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Taking a Translational Approach to 'Incurable' Cancers

Taking a Translational Approach to 'Incurable' Cancers

Cold Spring Harbor Laboratory

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It's called "the valley of death," that gap between an elegant breakthrough in basic science and the arrival of a new therapy based on that breakthrough, and it is where brilliant ideas go to die. But not if the Cancer Therapeutics Initiative (CTI) at Cold Spring Harbor Laboratory (CSHL) has anything to say about it. For years, policy makers, patients, and even many scientists have lamented the disconnect between basic biomedical research, which the United States does superlatively, and the lower-profile work that turns discoveries into therapies. The barriers to such "translational" research aimed at moving discoveries from bench to bedside are legion, and they are why headline-making discoveries seldom become treatments, much less cures.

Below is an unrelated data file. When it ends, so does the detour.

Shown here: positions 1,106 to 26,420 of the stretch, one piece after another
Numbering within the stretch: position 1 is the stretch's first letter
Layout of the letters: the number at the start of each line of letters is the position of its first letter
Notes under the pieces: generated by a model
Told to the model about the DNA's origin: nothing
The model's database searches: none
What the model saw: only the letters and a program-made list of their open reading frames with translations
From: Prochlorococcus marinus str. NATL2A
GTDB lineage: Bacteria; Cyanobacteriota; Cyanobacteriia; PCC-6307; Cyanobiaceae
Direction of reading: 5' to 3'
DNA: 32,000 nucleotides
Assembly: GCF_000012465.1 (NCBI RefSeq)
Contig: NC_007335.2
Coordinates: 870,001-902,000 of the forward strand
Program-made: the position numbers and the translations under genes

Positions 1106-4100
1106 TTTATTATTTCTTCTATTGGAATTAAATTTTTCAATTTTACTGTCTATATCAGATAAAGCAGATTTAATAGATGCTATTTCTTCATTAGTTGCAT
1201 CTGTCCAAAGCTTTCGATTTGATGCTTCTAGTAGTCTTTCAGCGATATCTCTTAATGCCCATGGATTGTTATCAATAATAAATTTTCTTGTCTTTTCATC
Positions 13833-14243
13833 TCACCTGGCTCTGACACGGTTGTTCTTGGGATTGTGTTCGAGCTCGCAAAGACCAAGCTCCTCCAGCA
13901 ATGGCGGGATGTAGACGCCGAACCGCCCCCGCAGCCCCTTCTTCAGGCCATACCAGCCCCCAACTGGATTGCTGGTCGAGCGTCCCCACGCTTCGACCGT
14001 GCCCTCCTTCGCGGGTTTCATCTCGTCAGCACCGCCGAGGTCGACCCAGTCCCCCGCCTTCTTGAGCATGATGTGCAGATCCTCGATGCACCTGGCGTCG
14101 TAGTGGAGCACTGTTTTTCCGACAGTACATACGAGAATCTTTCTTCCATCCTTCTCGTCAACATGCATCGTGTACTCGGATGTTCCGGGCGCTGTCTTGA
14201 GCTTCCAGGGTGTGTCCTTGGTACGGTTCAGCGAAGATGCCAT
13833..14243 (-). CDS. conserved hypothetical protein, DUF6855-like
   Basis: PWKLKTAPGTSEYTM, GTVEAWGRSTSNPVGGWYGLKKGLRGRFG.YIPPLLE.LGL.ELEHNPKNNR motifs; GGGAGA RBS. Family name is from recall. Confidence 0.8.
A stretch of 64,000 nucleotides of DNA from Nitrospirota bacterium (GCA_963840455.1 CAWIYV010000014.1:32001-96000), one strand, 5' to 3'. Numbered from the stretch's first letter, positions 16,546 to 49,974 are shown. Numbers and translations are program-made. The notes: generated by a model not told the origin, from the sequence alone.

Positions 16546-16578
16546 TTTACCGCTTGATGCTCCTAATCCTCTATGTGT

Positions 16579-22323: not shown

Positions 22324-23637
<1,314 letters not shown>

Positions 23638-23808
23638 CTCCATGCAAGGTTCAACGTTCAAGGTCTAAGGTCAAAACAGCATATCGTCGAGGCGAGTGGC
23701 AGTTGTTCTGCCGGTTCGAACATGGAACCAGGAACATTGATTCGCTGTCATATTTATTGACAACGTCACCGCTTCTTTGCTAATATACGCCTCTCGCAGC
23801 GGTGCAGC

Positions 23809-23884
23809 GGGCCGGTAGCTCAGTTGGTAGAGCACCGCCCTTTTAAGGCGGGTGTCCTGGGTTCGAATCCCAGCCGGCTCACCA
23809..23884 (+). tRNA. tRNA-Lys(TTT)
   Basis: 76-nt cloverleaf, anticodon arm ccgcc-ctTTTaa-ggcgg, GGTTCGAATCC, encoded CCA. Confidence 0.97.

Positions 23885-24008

The goal of the Cancer Therapeutics Initiative is to discover new, non-toxic therapies for currently incurable cancers by designing drugs that will target the genetic mutations that drive a tumor and the pathways by which that mutation exerts its malignant effects.

The CTI will do that through what it calls a "vertically integrated" approach—but the MBA-speak doesn't do justice to how revolutionary the approach is.